Sudan bustling on election eve
On the eve of presidential, parliamentary and local elections, Sudan is facing criticism that major opposition boycotts undermine the credibility of the process.
Several main opposition parties have walked out of April 11-13 vote — billed as the African country’s first multi-party elections in 24 years — after their calls for a delay over rigging concerns were denied.
The Umma Party has completely withdrawn from the race, while the main opposition party of Sudanese People’s Liberation Movement (SPLM) has announced that it would only contest in the south.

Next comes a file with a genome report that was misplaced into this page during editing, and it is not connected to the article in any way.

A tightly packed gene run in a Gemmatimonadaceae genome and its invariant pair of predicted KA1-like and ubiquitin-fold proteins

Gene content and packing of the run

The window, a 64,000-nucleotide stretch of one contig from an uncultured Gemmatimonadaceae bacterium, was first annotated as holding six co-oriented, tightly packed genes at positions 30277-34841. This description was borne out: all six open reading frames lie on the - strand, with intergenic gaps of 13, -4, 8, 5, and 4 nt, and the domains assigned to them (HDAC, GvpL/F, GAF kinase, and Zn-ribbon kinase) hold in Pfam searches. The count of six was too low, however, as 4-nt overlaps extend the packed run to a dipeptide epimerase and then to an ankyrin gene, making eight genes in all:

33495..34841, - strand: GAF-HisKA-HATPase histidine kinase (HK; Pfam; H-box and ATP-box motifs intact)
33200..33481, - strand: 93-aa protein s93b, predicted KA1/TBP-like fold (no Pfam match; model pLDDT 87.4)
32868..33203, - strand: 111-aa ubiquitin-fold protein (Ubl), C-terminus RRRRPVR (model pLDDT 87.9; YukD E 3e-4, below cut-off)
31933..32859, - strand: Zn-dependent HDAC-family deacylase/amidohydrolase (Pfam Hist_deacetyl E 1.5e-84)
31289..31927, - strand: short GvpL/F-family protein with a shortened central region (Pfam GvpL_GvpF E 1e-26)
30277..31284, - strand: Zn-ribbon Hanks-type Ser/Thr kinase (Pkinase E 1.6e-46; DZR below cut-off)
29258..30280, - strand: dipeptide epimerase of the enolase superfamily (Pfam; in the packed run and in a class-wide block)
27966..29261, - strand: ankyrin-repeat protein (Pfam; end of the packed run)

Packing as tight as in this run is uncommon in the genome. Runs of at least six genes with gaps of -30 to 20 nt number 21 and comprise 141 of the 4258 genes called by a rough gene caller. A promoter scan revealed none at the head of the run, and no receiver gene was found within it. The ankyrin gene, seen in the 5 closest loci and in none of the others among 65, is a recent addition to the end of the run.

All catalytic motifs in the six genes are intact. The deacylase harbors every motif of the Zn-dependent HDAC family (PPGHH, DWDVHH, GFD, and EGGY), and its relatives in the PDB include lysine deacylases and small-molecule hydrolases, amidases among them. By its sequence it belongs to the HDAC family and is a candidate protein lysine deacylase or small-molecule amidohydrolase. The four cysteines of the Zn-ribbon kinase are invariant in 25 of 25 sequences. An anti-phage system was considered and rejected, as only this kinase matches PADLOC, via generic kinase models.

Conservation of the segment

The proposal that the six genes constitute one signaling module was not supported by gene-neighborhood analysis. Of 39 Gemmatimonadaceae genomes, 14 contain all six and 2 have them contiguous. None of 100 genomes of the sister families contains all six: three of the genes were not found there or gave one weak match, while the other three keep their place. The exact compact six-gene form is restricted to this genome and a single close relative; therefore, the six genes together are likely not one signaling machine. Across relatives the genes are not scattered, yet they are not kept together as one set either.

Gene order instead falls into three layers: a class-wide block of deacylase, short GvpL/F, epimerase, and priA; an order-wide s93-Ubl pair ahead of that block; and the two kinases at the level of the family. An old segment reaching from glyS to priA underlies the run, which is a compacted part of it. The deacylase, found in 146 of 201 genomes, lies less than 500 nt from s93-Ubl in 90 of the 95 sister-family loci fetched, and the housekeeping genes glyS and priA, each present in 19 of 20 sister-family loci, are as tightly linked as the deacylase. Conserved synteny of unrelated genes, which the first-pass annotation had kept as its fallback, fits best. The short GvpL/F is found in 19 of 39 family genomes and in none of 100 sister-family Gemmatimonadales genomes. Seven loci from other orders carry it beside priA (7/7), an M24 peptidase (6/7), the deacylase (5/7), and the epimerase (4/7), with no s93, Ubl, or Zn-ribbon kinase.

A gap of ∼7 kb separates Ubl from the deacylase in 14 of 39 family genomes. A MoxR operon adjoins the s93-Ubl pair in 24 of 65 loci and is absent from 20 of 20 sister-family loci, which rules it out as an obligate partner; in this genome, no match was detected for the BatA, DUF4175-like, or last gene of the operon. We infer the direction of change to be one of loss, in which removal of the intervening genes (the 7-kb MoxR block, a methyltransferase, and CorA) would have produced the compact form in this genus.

The row ignited after it was revealed that the National Election Commission has contracted a government-owned company to print ballots instead of a Slovenian firm.
The boycotts leave only minor opposition groups to challenge President Umar Al-Bashir’s ruling party in the north.
Al-Bashir, who is widely expected to win reelection, has promised a free and fair vote.
A landmark peace deal in 2005 that ended over two decades of north-south conflict paved the way for the elections.
Some 16 million people are eligible to vote, but due to widespread illiteracy and lack of basic transportation the United Nations has expressed concerns that many Sudanese may not be able to access polling stations.
Preparations reportedly include a security force of over 100,000 police officers over the vote period.